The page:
1. Welcome to our site! Electro Tech is an online community (with over 170,000 members) who enjoy talking about and building electronic circuits, projects and gadgets. To participate you need to register. Registration is free. Click here to register now.
    Dismiss Notice

Integration and Differentiation

Discussion in 'Mathematics and Physics' started by koolguy, Oct 23, 2015.

  1. koolguy

    koolguy Active Member

    Joined:
    Aug 24, 2010
    Messages:
    2,196
    Likes:
    9
    Can we use this Integration and Differentiation in micro ??
     
  2. KeepItSimpleStupid

    KeepItSimpleStupid Well-Known Member Most Helpful Member

    Joined:
    Oct 30, 2010
    Messages:
    9,970
    Likes:
    1,099
    the term is "numerical methods" Both integration and differentiation are done all the time when implementing a PID algorithm.
     
    • Like Like x 1
  3. koolguy

    koolguy Active Member

    Joined:
    Aug 24, 2010
    Messages:
    2,196
    Likes:
    9
    how it is done?
     
  4. dave

    Dave New Member

    Joined:
    Jan 12, 1997
    Messages:
    -
    Likes:
    0


     
  5. MrAl

    MrAl Well-Known Member Most Helpful Member

    Joined:
    Sep 7, 2008
    Messages:
    11,049
    Likes:
    961
    Location:
    NJ

    Hi,

    Basic integration in time is done by accumulating the input times the time increment.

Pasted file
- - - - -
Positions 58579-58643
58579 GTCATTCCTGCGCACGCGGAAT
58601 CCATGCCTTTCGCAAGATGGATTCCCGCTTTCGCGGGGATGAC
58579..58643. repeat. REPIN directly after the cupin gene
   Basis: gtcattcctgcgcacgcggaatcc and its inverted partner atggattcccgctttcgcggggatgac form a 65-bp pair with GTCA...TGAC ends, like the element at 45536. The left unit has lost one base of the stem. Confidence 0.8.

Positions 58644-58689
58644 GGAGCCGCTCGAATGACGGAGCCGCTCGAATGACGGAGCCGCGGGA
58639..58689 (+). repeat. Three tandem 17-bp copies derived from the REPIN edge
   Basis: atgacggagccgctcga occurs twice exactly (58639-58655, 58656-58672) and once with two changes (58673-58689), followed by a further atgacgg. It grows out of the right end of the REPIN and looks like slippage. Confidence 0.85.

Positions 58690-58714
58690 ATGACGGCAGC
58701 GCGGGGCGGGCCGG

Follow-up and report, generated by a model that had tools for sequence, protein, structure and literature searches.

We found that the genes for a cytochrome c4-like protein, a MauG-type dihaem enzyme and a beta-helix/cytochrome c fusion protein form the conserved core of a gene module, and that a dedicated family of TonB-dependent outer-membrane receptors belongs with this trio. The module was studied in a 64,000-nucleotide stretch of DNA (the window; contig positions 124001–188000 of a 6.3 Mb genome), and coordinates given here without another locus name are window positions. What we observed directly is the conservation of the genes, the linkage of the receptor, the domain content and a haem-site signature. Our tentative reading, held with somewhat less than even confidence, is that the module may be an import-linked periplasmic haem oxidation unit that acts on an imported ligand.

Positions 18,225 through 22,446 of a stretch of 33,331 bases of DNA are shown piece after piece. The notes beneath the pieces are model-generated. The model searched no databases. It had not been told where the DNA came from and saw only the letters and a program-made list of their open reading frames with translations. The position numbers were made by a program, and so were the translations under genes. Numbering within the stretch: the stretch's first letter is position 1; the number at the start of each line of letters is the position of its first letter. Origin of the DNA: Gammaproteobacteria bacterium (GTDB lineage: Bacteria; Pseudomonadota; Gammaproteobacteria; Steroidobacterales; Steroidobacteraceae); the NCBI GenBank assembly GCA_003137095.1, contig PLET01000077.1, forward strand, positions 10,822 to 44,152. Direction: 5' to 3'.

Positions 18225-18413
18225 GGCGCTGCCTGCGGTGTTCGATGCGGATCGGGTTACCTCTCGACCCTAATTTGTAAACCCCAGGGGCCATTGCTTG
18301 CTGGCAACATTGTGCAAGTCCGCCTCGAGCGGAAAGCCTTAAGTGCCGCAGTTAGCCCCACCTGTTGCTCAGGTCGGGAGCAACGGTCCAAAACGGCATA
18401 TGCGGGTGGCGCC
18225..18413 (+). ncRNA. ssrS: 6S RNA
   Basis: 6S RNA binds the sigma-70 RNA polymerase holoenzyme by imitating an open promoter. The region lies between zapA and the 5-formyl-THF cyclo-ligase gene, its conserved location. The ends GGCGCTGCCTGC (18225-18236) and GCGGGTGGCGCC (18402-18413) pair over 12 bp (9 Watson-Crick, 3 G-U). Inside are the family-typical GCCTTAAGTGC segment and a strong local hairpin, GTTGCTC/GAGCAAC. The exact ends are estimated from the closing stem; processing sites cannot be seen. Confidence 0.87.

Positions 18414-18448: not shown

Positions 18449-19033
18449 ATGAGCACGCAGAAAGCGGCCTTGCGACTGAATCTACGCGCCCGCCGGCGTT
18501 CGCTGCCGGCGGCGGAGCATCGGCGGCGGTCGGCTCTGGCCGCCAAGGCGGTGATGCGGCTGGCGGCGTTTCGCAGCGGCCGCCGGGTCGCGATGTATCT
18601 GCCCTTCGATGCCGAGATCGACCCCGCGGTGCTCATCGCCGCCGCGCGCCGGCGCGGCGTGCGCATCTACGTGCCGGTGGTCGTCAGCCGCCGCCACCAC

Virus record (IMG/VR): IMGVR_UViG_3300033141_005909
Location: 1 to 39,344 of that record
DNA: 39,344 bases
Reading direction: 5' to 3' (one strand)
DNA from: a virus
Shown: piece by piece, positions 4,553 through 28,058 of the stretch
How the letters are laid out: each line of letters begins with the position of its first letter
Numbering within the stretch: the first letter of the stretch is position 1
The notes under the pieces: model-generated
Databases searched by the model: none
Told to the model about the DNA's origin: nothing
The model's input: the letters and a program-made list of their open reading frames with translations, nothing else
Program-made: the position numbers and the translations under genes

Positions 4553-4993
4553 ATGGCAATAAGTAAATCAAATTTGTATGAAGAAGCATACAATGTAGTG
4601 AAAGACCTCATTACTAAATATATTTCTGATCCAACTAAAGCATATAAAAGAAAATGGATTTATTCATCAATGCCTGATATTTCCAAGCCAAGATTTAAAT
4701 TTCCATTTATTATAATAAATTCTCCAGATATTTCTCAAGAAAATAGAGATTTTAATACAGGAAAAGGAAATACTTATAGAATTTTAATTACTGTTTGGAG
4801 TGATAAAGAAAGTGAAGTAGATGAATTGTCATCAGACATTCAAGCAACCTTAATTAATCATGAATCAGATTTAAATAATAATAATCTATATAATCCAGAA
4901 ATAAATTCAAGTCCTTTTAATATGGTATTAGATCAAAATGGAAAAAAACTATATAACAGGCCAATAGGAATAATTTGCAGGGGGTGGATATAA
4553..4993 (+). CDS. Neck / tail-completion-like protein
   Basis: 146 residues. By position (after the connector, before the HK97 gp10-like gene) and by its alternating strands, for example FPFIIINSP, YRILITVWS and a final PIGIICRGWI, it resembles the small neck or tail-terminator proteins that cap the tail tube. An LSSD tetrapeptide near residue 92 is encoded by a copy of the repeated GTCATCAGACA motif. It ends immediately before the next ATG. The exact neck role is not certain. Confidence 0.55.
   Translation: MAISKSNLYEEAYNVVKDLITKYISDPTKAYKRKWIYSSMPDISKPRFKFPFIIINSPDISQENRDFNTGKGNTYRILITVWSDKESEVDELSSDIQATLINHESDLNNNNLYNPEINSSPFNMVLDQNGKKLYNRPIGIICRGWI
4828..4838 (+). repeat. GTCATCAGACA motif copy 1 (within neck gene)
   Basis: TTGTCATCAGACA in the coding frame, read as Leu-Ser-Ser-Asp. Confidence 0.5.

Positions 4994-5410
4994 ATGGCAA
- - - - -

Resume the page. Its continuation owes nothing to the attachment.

So if you take samples every 0.1 second you have a time increment of 0.1 second so you multiply each sample by 0.1 and add that to the previous result:
    sum=sum+dt*v[k]
    where
    dt is the time increment,
    v[k] is the sample measurement at that time.

    The basic first derivative in time can be calculated by taking the difference of two successive samples and divided by the time increment:
    dv/dt[k]=(v[k+1]-v[k])/dt

    and a slightly better way is to take samples at k-1 and at k+1:
    dv/dt[k]=(v[k+1]-v[k-1])/(dt+dt)

    where you might note that we get the derivative for the sample k by using samples k-1 and k+1 rather than sample k itself. It's sometimes referred to as the "Central Means" derivative.

    There are a lot of different numerical methods for different things so you might look into this more on the web or ask more questions here :)
     
    • Like Like x 1

Share This Page